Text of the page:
In the wake of the Upper House elections in Japan, Prime Minister Shinzo Abe has completed a reshuffling of his cabinet. As described by Japan hand Michael Cucek, it was not a particularly inspiring set of choices made by the newly-consolidated Prime Minister: Taro Aso (the right-wing former PM perhaps best recalled for his off-the-cuff endorsement of Hitler’s constitutional revision style) remains at the helm … Continue reading Wartime History and Beijing’s Response to the New Defence Minister in Tokyo
In the city of Londonderry, better known as Derry, in Northern Ireland, a group of what the BBC called “dissident republicans” disrupted the running of the Olympic Torch. In related news, Chinese news media continues to use refer approvingly and often prominently to the wave of popular Chinese nationalism that arose in response to protests against the PRC’s Tibet policy which followed the progress of … Continue reading Torch Disruptions and Shades of 2008
Although I occasionally mourn my inability to be in two places at once — as Sichuan and Tibet come immediately to mind — the benefits of being in the Puget Sound region in the autumn, I now recall, are multiple, as these perks include the ability to spend time talking with, and hearing from, Sidney Rittenberg. A new film project, “The Revolutionary” — a preliminary … Continue reading Rethinking “China’s Peaceful Rise”
Jon Huntsman, the American ambassador to China, caused a bit of a stir with his attendance at a non-demonstration-turned-media-event at the Wangfujing area McDonalds last week, an event held (or not held) in the wake of the “Jasmine Revolutions” in the Middle East. Danwei.org carries the story and calls our attention to this rather critical video produced by some Chinese netizens about Huntsman (with English subtitles): … Continue reading Farewell, Leighton Stuart? The US Ambassador’s Jasmine Stroll in Wangfujing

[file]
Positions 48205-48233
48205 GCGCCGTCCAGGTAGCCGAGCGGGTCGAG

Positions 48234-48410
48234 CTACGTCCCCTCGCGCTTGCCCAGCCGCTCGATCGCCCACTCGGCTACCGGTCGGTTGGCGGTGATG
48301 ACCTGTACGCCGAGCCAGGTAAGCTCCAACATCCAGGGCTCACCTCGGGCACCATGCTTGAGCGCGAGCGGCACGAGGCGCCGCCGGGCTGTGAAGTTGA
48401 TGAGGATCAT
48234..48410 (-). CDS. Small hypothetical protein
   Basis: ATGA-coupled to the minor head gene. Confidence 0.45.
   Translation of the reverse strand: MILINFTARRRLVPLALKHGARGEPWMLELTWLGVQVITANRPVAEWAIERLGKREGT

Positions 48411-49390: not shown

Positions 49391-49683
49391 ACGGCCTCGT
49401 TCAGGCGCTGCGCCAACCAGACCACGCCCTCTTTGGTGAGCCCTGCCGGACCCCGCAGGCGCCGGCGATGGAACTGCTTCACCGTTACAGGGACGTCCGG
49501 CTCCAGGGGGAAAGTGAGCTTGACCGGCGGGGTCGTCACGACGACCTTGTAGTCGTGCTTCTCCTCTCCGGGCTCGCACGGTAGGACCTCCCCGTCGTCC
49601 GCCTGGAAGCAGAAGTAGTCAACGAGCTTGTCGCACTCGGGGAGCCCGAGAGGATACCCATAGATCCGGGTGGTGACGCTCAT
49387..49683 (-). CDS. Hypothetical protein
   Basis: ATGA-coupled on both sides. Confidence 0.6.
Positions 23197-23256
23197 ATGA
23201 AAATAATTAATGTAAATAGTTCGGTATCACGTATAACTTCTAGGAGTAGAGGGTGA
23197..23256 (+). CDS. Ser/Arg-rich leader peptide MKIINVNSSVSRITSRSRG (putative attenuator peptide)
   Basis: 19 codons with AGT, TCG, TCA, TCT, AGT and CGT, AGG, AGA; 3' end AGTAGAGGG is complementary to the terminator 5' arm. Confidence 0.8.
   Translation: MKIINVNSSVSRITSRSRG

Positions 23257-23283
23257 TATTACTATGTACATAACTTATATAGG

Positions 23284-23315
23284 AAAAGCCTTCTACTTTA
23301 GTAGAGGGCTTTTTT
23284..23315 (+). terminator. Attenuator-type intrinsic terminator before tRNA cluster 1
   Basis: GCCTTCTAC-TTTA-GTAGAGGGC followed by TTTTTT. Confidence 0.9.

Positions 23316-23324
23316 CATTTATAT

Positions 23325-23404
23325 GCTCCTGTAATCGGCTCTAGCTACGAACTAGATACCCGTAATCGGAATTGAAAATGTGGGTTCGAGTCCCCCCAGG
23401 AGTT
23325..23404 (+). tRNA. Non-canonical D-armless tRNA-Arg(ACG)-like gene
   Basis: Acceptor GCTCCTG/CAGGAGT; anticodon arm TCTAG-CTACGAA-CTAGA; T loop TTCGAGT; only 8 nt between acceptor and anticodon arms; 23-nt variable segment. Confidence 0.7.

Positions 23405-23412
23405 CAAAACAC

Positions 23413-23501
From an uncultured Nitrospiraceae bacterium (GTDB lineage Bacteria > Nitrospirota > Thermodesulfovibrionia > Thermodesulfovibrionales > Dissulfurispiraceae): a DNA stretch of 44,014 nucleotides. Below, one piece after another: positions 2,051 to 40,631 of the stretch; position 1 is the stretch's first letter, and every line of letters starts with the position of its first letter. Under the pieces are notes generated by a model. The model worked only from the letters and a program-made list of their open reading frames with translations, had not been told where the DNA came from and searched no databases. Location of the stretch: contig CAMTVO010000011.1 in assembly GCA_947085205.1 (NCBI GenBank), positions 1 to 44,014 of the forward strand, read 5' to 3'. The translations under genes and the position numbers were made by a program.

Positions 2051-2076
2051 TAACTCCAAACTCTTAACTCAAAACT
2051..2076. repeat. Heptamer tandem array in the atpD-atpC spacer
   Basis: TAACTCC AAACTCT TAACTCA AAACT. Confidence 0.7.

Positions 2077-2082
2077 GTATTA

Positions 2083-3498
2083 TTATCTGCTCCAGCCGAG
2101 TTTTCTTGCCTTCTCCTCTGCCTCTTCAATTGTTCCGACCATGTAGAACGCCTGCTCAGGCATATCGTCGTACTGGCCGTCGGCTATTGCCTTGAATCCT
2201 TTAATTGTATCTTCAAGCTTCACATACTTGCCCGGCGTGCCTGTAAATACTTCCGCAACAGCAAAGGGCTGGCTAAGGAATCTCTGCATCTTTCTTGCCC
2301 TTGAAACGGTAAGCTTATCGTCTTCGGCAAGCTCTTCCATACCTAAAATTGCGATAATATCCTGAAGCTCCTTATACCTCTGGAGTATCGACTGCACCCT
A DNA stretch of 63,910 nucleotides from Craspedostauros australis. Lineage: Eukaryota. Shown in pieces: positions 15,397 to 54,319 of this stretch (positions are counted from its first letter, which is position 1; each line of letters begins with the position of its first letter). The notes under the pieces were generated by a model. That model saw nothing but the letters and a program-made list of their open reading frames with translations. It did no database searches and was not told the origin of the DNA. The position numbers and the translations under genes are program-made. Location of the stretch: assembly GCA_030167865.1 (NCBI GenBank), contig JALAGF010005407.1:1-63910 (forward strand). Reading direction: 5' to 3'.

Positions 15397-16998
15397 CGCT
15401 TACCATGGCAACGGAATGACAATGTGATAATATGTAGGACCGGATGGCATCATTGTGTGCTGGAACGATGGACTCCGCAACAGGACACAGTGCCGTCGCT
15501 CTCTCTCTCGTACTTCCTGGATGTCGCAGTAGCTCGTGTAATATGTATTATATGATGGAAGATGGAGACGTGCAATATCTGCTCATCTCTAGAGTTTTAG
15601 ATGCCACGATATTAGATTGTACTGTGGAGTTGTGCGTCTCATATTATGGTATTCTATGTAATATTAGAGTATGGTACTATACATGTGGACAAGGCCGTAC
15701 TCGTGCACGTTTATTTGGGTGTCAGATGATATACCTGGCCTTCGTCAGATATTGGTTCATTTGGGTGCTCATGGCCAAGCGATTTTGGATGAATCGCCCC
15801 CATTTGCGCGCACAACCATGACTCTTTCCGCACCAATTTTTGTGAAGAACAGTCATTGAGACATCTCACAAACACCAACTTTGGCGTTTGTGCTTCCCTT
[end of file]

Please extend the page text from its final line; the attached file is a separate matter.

Of China’s many bilateral relationships, few are as pregnant with doom as the relationship with the DPRK. That is to say, the relationship is significant to China not primarily for the good it can bring, but for the potential harm it represents. Thus the quest for China in dealing with the DPRK is how to play a bad hand: minimize the harm it can do, … Continue reading New Winter: Sino-North Korean Relations Today
In preparations for the April 15 birthday of Kim Il Song/national holiday, the North Korean government imported more than 100 automobiles to be given as gifts to mid-level officials and military members. (This story was discussed on Sinologistical Violoncellist, based on the Chinese sources, and here on the rather ideological yet well informed rollback blog, One Free Korea.) This story didn’t pick up an immense … Continue reading DPRK Imports Cars: Chinese Netizens Sound Off
On March 12, 2010, not long after Huanqiu Shibao (the Global Times) published this story (translated here on S.V.) which cited his Sina.com microblog as encouraging Chinese Netizens to consider a boycott of Portland TrailBlazers broadcasts, it seems sportscaster Yu Jia reconsidered the wisdom of encouraging a major online campaign against the city of Portland. On his microblog, he posted this message: 面对开拓者的囧境，有人拍手称快，有人同情怜悯；让我想起11年前北约轰炸我驻前南大使馆，NBA停播，那时远没这多不同的声音。这如同两会过程中出现很多不同的声音，这并不是最重要的。最重要的是越来越多的普通人能在相对开放的环境下关注社会现状、发表观点，这就是从0到1式的进步，从无到有的进步。 Which I translate as: … Continue reading Portland 2010=Belgrade 1999? Not Quite.